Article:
Some time around 2000 it became evident that the service the NHS provided would not be 'transformed' to the extent that the government desired. The model was wrong. In England an impressive clutch of reforms were being implemented, partly set out in the NHS Plan: better regulation; more training, development, and staff; more 'change management', for example through collaborative programmes; more easily accessible guidance on best practice; better information and information technology; and pay modernisation. These would all help, but they would not be enough. Central directives, coupled with strong arm performance management, were highly effective but could be realistically applied only in a limited number of areas, and perverse outcomes were a high risk.
In short, it was recognised that the NHS could not be effectively run from the centre. And local NHS organisations did not have enough incentives to perform well. Why did it take a national target, with stiff sanctions on managers, for waiting times in elective care to be reduced so much? And why were staff too often providing excellent clinical care face to face but a lousy overall service?
The usual response to these questions is that the NHS has been chronically under-funded. Partly because of such responses, unprecedented increases in funding flowed into the NHS in England from 2001.
With investment came the need to reform. This reform focused on introducing market style incentives to prompt improvement. The resulting policies included measures to stimulate competition between providers: extending choice of hospital for patients; introducing a new system of paying providers (payment by results); encouraging new non-NHS providers to compete for NHS funded patients; allowing NHS trusts greater freedoms through foundation status; and strengthening commissioning of care.
Although it is still the early stages, the immediate direction of travel seems clear: withdraw from state ownership and from directing providers from the centre and instead allow competition, regulation, and commissioning to improve performance. This is a radical project, but will it work?
By the 2005 general election many distinct improvements but no overall transformation had been seen. Paradoxically, the number of NHS organisations facing financial deficits had increased, partly because of greater transparency in reporting of annual accounts, cost pressures arising mainly from pay modernisation, and the more exacting requirements of payment by results. On top of the more challenging financial environment are distracting mergers of strategic health authorities and of primary care trusts and a major roll out of practice based commissioning. Now, with few of the major reforms actually implemented, time is running out. What will happen then, if reform has not delivered enough to justify the investment?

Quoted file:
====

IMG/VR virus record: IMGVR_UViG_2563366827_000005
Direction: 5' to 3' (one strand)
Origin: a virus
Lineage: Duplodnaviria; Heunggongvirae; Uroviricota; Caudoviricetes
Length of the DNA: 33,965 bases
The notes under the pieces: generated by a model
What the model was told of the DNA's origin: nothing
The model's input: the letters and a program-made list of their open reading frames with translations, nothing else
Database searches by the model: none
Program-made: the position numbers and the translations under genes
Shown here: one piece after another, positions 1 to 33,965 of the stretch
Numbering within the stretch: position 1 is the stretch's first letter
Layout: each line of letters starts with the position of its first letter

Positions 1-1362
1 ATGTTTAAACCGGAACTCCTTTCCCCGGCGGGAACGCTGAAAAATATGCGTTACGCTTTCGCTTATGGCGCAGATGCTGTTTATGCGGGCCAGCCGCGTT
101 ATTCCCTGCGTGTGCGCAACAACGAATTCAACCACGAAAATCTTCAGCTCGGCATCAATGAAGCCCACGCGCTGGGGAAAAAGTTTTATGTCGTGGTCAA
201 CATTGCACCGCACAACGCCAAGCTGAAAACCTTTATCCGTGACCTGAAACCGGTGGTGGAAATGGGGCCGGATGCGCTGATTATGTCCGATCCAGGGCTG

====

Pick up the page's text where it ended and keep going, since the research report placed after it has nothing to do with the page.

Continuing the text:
Three main issues are pressing before that potential crunch point. Firstly, NHS organisations must implement the reforms already designed and manage the risks carefully. The supply of private providers must continue to grow. The reforms that may generate huge benefits for patients but that may also destabilise providers unnecessarily – such as payment by results, greater choice for patients at the point of referral, and the procurement of care from non-NHS providers – need to be managed. Inadequate or rushed implementation would stall much-needed reform; but so too would excessive caution.
Secondly, the current reforms, taken together, are unstable, and key elements need to be added. Most importantly, the financial incentives in the NHS in England encourage providers to admit more patients, which commissioners are too weak to counter appropriately. The incentives have been designed to reduce waiting lists, not reduce avoidable hospitalisation, which arguably is just as big a problem and more expensive. This is a glaring lack. Also, the more challenging financial environment is likely to spark horizontal mergers between hospitals and vertical mergers with commu nity or primary care services. If competition is to work, and alternative suppliers encouraged, then design of effective economic regulation – currently largely absent – is urgently needed.
Thirdly, politics. While things go steady in the NHS, Labour backbench MPs will give the government the benefit of the doubt on reform. But with a slim majority in parliament the first signs of trouble may prompt a reversion to type: a predilection for command and control. A return to the past, or botched reform, would surely usher in support for more radical and less acceptable solutions. Backbenchers should keep their nerve; but in turn the government needs to provide more evidence that reform on this scale can be managed effectively. They should both remember what unites them: a well functioning NHS that remains free at point of delivery.
Published in BMJ 2005; 331: 852